- Ted Heath Swing Session makes its Hot Stamper debut with KILLER Triple Plus (A+++) sound from first note to last – exceptionally quiet vinyl too
- This pressing is bigger, bolder and richer, as well as more clean, clear and open than any copy we played (which is of course the way it earned those Triple Plus grades)
- These original pressings are ridiculously hard to come by with this kind of superb sound AND quiet vinyl – this one has it all!
- “… the sound is open and airy with great separation of instruments and very much alive. The band is tight and the music is energetic.”
Unlike some of the American big band leaders who were well past their prime by the advent of the LP era, Heath is able to play with all the energy and verve required for this music. He really does swing in high stereo.
Ted Heath was a giant in the world of Big Band and everybody who was anybody knew it.
You’ve got a band… Ted Heath… He scares me to death… When they sent those first Heath records over to the States they really knocked everybody out… For me I think Ted is the best precision band and so very entertaining…I mean so far as I’m concerned I think Ted is the most.
Your music has become such an institution it seems that we have always had it… I do know that without you, big band music and jazz would not be as it is today… Your taste and integrity in guiding your arrangers, composers and musicians has always been of the highest order… You’ve done more than your share in exposing the best grade of music to those hungry for it all over the world…
I saw the band and was incredibly impressed……one of the cleanest and swingiest of the big bands of the era… Always rated at the top of the list… You would hear more Ted Heath records than ours, Basie or Ellington…
This original London Stereo pressing has the kind of Tubey Magical Midrange that modern records rarely even BEGIN to reproduce. Folks, that sound is gone and it sure isn’t showing signs of coming back. If you love hearing INTO a recording, actually being able to “see” the performers, and feeling as if you are sitting live in the audience, this is the record for you. It’s what vintage all analog recordings are known for — this sound.
If you exclusively play modern repressings of vintage recordings, I can say without fear of contradiction that you have never heard this kind of sound on vinyl. Old records have it — not often, and certainly not always — but maybe one out of a hundred new records do, and those are some pretty long odds.
What the best sides of Swing Session have to offer is not hard to hear:
- The biggest, most immediate staging in the largest acoustic space
- The most Tubey Magic, without which you have almost nothing. CDs give you clean and clear. Only the best vintage vinyl pressings offer the kind of Tubey Magic that was on the tapes in 1959
- Tight, note-like, rich, full-bodied bass, with the correct amount of weight down low
- Natural tonality in the midrange — with all the instruments having the correct timbre
- Transparency and resolution, critical to hearing into the three-dimensional space of the venue
No doubt there’s more but we hope that should do for now. Playing the record is the only way to hear all of the qualities we discuss above, and playing the best pressings against a pile of other copies under rigorously controlled conditions is the only way to find a pressing that sounds as good as this one does.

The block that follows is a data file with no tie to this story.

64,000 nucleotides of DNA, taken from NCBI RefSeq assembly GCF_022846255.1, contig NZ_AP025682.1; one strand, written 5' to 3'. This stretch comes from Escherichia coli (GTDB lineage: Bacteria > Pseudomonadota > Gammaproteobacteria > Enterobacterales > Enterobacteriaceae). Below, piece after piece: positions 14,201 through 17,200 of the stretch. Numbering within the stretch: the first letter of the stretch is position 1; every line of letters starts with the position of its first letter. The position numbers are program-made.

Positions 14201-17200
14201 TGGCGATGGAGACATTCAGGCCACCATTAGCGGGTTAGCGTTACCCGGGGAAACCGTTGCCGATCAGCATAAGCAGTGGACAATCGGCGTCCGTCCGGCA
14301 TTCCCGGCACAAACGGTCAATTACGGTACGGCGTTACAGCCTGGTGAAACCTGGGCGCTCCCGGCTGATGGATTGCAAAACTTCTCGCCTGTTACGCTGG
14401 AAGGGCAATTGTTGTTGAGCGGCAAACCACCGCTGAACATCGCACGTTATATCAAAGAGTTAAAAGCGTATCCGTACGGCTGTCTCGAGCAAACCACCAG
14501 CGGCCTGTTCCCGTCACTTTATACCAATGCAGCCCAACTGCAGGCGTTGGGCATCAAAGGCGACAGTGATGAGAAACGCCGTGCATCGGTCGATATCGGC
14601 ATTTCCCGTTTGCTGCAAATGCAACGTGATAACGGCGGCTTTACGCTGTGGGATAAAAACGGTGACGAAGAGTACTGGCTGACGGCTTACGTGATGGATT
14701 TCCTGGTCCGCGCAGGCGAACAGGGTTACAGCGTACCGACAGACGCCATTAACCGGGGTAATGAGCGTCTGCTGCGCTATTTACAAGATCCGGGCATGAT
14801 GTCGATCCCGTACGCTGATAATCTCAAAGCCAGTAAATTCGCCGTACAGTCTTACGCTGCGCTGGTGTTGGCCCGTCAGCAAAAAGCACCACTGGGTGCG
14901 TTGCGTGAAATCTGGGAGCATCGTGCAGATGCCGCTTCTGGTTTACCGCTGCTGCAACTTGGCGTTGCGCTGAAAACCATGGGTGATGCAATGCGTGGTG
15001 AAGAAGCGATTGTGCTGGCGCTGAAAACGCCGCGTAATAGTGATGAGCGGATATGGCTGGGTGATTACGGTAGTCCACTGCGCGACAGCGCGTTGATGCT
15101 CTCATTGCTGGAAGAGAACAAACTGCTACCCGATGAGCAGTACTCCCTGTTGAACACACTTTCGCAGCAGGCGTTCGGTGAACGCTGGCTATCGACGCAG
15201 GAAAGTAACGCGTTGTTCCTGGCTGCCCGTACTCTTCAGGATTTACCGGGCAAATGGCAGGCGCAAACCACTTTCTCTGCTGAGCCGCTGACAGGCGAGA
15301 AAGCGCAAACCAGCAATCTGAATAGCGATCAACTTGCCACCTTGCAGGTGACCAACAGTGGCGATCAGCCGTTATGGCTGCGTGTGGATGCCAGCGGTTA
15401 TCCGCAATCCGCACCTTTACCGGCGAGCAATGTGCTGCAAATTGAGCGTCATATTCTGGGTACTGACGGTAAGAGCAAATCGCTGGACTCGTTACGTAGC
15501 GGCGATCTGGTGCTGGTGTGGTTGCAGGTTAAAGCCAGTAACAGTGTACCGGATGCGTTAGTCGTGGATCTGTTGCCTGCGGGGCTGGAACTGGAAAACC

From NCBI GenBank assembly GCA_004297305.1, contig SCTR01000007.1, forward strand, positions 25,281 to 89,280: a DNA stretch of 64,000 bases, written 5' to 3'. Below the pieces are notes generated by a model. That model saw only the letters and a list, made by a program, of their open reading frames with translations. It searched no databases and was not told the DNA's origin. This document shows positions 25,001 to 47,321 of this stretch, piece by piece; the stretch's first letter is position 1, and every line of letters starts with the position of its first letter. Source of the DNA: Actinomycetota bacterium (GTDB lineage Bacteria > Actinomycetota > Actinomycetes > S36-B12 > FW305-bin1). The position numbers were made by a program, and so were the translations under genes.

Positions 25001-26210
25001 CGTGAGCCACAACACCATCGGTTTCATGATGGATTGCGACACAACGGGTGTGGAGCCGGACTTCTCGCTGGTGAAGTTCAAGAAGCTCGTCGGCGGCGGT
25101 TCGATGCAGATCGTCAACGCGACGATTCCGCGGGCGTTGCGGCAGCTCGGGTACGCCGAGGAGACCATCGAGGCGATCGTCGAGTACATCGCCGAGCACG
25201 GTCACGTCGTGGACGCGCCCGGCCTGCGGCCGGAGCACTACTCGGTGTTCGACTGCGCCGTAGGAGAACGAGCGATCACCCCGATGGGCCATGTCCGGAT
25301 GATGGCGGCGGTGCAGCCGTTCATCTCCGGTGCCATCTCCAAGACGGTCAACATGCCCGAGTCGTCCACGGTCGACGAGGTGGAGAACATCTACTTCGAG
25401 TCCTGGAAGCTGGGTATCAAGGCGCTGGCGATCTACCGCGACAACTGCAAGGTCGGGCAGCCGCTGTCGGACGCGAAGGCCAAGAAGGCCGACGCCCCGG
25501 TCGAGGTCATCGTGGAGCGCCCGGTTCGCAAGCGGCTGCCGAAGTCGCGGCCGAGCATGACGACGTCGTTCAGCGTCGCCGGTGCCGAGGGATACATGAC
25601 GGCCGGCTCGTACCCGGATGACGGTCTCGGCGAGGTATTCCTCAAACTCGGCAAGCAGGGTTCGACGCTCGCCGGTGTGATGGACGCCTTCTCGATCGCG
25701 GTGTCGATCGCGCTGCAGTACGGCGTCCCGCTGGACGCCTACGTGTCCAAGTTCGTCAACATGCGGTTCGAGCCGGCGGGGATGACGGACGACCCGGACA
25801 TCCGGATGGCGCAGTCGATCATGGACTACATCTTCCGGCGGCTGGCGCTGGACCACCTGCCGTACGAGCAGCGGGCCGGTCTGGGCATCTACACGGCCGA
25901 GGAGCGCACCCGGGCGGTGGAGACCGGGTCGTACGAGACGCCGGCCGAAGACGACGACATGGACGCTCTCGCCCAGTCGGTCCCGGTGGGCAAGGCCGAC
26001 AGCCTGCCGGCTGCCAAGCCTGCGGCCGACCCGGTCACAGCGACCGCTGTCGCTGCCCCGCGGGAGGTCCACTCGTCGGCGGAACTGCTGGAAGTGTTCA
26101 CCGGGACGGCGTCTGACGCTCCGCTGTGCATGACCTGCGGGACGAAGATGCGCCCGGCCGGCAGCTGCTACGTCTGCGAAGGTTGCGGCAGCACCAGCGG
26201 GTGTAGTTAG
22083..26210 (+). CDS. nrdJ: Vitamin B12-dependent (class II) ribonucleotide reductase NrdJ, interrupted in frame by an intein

Copies with rich lower mids and nice extension up top did the best in our shootout, assuming they weren’t veiled or smeary of course. So many things can go wrong on a record! We know, we’ve heard them all.
Top end extension is critical to the sound of the best copies. Lots of old records (and new ones) have no real top end; consequently, the studio or stage will be missing much of its natural air and space, and instruments will lack their full complement of harmonic information.
Tube smear is common to most vintage pressings and this is no exception. The copies that tend to do the best in a shootout will have the least (or none), yet are full-bodied, tubey and rich.
What We’re Listening For on Ted Heath Swing Session
- Energy for starters. What could be more important than the life of the music?
- The Big Sound comes next — wall to wall, lots of depth, huge space, three-dimensionality, all that sort of thing.
- Then transient information — fast, clear, sharp attacks, not the smear and thickness common to most LPs.
- Tight, note-like bass with clear fingering — which ties in with good transient information, as well as the issue of frequency extension further down.
- Next: transparency — the quality that allows you to hear deep into the soundfield, showing you the space and air around all the players.
- Then: presence and immediacy. The musicians aren’t “back there” somewhere, way behind the speakers. They’re front and center where any recording engineer worth his salt would have put them.
- Extend the top and bottom and voila, you have The Real Thing — an honest to goodness Hot Stamper.
Do Nothin’ Till You Hear From Me
Pick Yourself Up
Blues For Moderns
The Hawk Talks
I Got It Bad
Rhapsody For Drums
More of an audiophile’s review, but this was recorded in 1959 in England according to my research and the sound is open and airy with great separation of instruments and very much alive. The band is tight and the music is energetic. Good LP to show off your vinyl equipment with some British swing done well from back in the day.